Matthew Taylor: Brown should declare a ceasefire

He finds it almost impossible to connect with swathes of the electorate
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The Independent Online

Today's poll confirms the Brown bounce was of the dead cat variety. The talk in Government is of being on election footing but unless Labour's strategists are willing to respond to dangerous times with bold ways of thinking David Cameron can start counting down the days to power.

Until a few weeks ago, there was a genuine sense of hope in Labour ranks. Ministers sensed a powerful combination in public opinion; on the one hand, a rejection of the free market individualism held responsible for the credit crunch, on the other, disenchantment with a faltering Tory response to the crisis that seemed out of step with the rest of the world, including Saint Obama.

The reality, however, is more prosaic. It turns out Labour's poll improvement reflected misapprehension not realignment. Many voters believed the hype and thought the first bank bailout might be an end to the crisis. But, as the blip in economic optimism has passed, so has Labour's modest advance in the polls.

As for the Conservatives' position, for Westminster insiders and policy wonks, there is plenty with which to take issue. Across many policies there seems a mismatch between the rhetorical pose of Team Cameron and the policy detail. But the facts are simple. Labour has been in power for three terms, the economy is a disaster area, David Cameron has detoxified the Tory brand and Gordon Brown finds it almost impossible to connect with swathes of the electorate.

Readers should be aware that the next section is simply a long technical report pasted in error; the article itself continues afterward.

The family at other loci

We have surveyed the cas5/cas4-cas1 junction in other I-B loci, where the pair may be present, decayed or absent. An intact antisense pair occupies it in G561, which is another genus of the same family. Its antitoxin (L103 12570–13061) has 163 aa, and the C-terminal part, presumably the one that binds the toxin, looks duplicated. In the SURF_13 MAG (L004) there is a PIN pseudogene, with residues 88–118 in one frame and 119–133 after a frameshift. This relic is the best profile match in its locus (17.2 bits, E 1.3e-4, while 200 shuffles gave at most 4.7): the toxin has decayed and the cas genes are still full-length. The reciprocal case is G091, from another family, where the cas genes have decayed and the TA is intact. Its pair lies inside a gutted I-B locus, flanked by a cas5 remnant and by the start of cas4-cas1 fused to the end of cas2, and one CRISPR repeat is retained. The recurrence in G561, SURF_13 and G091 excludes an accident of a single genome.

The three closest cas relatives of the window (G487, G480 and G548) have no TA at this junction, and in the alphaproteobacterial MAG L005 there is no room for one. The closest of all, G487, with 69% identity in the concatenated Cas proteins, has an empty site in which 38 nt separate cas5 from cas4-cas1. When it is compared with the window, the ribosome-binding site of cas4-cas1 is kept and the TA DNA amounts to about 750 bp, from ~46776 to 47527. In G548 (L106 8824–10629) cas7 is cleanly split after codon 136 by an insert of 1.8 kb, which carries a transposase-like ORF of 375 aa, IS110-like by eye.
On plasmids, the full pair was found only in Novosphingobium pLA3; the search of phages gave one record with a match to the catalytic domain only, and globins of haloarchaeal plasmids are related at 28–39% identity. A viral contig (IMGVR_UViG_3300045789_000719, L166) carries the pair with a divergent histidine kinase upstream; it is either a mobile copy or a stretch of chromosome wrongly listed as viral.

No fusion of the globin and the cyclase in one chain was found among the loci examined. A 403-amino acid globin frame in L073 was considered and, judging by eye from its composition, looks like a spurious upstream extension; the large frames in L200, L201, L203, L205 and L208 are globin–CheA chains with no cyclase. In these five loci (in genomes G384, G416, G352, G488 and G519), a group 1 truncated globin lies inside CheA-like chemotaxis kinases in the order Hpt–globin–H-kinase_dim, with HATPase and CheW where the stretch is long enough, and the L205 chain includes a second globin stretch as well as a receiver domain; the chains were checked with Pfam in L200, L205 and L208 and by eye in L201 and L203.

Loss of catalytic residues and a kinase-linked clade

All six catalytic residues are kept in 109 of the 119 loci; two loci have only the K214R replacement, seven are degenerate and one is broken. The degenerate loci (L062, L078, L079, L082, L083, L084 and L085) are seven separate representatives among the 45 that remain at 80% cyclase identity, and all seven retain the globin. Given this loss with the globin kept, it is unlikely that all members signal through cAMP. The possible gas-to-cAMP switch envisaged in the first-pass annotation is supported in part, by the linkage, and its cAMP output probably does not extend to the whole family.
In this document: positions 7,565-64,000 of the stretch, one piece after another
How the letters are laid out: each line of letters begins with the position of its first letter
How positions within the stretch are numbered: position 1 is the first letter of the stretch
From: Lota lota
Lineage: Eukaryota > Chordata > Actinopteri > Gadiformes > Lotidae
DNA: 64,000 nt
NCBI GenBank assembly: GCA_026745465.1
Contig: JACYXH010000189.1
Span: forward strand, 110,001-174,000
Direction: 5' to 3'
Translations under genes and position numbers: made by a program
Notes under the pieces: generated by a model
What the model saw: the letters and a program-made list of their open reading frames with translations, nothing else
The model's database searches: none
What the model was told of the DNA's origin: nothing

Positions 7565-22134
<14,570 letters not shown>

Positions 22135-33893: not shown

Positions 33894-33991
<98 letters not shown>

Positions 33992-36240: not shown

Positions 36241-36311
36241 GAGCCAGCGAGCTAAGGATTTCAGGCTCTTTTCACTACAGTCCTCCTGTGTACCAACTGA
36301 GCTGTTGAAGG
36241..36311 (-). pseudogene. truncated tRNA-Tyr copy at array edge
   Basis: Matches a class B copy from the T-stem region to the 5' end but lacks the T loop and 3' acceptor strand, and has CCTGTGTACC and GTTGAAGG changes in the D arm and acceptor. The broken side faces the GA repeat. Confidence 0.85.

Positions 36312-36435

Labour strategists cling to the little noticed fact that tax, benefit and interest rate changes mean people who don't rely on savings or expect to lose their jobs (which is most of us) will enjoy a faster rise in disposable income this year than in almost a decade. But if Labour is to benefit politically from green shoots in 2010 it has to persuade the voters not to make their minds up before then. And perhaps the single biggest characteristic of voter attitudes in the last two years has been volatility; no one predicted the Brown honeymoon, the collapse, or the mini revival. Which is why the last thing Labour should be doing is to start fighting a long election campaign. With the economy as it is now, Labour has no chance of winning a conventional battle. Most of the team that helped Tony Blair win three elections is now back inside the Brown tent but ageing strategists, like generals, are always prone to fight the last battle.

A techie friend of mine recently characterised Labour's attempts to adopt Obama-style internet campaigning as like "watching your grandfather dancing to hip-hop".

In that context, any strategy may fail but Labour should consider a more radical departure from past practice. How about declaring a unilateral political ceasefire? Brown's implicit message could be 'we are reconciled to the possibility of losing the next election, what matters now is not the political skirmish but the battle against the economic crisis'.

Not only is this a more seemly and inspiring posture for the times – and one which might tap into the Dunkirk spirit the nation needs right now – it encourages an electorate, for whom politics is far from a priority, to suspend judgement until next year.

The strategy would only work if it was authentic. Ministers would need to put point scoring to one side. And even if it failed, at least this would be an honourable path to defeat. After Thatcher and Blair, we tend to think new Governments will get at least three terms, but those who remember the 1970s recall when the parties took it in turns to fail on the economy. We may live in a world that feels it is changing daily, but the Government needs to play a long game.